"Hello, Operator? Get me Richie Wagner!"

Monday, November 27, 2017

No Joy in Cowtown

Once again, Calgary Stampeders fans know how the people of Mudville felt when the mighty Casey was struck out.

Someone should write a guide on "How to Play Better and Still Lose." Sportswriter Scott Stinson noted that the Stampeders, since 2010, have a win-loss-tie record of 107-35-2. The Toronto Argonauts: 67-77.

In the 2017 Grey Cup game, the Stampeders had 24 first downs, the Argonauts had 12. Other statistics: 74 yards rushing, Stampeders, Argonauts 16; 373 yards passing for the Stampeders, 297 for the Argos; ball possession, Stampeders 36:57, Argos 23:03. But at the end of sixty minutes, which team got the Grey Cup rings? The Argonauts.

Possibly the only aspect of the game more disspiriting for some was the halftime show, but that was an opportunity to go to the kitchen and stir the stew.

Grief counselling has now been put in place in Calgary.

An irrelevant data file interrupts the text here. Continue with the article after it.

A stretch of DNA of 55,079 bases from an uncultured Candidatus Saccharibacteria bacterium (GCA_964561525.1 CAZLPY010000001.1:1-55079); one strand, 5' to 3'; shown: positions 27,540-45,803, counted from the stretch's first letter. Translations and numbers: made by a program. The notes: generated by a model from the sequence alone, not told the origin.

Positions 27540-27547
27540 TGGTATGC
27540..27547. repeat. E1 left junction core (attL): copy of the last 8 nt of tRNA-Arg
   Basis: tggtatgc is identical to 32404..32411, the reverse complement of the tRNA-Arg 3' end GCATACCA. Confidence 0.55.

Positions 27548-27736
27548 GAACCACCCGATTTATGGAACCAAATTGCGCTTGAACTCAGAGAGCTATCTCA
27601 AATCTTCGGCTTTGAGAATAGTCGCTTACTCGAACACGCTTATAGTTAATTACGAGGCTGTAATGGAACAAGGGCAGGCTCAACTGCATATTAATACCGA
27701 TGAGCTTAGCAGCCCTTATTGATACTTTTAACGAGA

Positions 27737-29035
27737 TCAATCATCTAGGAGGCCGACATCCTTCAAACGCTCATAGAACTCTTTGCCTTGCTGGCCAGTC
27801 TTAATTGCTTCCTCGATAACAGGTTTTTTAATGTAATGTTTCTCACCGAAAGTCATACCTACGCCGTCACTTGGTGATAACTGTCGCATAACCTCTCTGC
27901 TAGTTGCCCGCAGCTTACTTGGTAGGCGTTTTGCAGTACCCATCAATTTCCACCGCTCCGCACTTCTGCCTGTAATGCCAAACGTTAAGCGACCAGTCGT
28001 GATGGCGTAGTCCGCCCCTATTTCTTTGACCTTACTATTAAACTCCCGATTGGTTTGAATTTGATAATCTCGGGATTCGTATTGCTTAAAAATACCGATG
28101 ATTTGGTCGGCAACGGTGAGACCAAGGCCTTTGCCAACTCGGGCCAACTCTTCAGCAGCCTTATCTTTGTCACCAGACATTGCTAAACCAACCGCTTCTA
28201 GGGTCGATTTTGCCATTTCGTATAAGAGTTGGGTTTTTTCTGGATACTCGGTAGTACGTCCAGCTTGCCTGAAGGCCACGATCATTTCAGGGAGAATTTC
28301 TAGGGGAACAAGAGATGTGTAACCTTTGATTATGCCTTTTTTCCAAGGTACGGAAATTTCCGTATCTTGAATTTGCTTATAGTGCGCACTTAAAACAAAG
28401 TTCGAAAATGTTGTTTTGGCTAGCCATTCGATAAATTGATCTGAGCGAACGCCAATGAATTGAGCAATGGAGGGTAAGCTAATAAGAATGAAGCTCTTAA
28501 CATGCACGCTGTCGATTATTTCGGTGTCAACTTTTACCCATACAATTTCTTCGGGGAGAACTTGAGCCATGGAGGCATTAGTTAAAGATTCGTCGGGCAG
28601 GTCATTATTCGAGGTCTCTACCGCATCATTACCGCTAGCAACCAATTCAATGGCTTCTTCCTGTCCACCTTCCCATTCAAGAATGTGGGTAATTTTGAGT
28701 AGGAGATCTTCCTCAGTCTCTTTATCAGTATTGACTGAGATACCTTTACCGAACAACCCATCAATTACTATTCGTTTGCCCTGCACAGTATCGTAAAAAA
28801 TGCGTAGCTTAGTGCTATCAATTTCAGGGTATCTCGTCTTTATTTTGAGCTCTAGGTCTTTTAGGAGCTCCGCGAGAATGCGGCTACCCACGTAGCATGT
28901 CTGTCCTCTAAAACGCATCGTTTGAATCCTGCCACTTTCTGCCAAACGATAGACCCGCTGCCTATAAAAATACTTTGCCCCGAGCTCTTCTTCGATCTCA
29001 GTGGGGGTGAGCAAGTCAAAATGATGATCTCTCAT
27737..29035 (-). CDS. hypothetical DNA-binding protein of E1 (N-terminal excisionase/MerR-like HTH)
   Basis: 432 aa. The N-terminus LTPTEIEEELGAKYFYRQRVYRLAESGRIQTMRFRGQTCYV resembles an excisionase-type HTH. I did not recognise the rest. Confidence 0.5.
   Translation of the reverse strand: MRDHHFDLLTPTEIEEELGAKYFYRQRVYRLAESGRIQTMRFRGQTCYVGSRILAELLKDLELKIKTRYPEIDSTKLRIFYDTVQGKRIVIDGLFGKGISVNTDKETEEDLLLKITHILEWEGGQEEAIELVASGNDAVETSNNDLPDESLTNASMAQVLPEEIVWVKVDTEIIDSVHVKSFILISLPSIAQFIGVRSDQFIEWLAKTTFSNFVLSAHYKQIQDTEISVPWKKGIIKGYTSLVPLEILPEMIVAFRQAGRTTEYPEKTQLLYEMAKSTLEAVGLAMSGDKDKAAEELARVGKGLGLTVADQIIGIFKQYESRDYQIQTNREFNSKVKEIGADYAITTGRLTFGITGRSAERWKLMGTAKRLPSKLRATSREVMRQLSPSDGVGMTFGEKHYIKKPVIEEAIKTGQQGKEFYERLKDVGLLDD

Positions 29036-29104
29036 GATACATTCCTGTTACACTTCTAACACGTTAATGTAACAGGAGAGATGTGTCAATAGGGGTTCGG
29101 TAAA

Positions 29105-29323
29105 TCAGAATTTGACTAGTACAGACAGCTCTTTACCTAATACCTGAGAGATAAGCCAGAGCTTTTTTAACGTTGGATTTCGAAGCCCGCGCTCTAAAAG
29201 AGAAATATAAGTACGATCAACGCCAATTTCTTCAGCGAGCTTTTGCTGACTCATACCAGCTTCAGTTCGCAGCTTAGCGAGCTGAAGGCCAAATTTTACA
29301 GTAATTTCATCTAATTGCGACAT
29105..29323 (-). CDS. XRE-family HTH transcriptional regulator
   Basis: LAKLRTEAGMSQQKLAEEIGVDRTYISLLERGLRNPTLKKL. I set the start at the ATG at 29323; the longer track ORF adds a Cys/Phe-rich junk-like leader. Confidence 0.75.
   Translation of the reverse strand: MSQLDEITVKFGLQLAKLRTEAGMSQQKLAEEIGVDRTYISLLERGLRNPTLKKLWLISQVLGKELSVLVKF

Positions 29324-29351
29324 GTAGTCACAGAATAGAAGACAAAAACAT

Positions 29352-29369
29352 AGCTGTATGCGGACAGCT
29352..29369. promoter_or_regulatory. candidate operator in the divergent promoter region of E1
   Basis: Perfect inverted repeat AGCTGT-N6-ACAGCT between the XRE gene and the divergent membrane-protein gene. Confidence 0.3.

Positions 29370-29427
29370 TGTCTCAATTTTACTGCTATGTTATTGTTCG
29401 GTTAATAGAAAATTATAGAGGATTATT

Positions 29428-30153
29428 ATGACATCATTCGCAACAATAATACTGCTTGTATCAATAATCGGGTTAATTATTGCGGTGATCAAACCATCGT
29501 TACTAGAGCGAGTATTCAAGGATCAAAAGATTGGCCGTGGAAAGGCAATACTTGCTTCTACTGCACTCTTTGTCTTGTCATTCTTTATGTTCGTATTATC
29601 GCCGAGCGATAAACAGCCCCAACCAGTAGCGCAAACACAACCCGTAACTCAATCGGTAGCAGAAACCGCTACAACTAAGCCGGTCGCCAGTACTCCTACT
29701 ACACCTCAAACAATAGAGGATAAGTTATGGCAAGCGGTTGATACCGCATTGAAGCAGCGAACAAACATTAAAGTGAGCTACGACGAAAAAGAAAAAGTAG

But here's to the CFL, and to players who take the field in any weather, including snow so dense even huskies think twice about going outside.

--Slap Maxwell, for PD Sports.

Sunday, November 26, 2017

Winter is Icumen In

As we endured the bone-chilling dampness and stiletto-sharp wind of November, the jukebox in our brain immediately began to play Ezra Pound's "Winter is Icumen In," which is, of course, the dark or flip side of the welcoming song, "Summer is Icumen In."

Pound's version includes the lines "Raineth drop and staineth slop/And how the wind doth ramm!" We would quote the entire text, but it includes some robust cursing, which we could not allow on a blog approved appropriate for all audiences.

However, we were moved to some robust cursing ourselves, when this line of Pound's came true: "Skiddeth bus and sloppeth us."

Winter is icumen in. Prepare.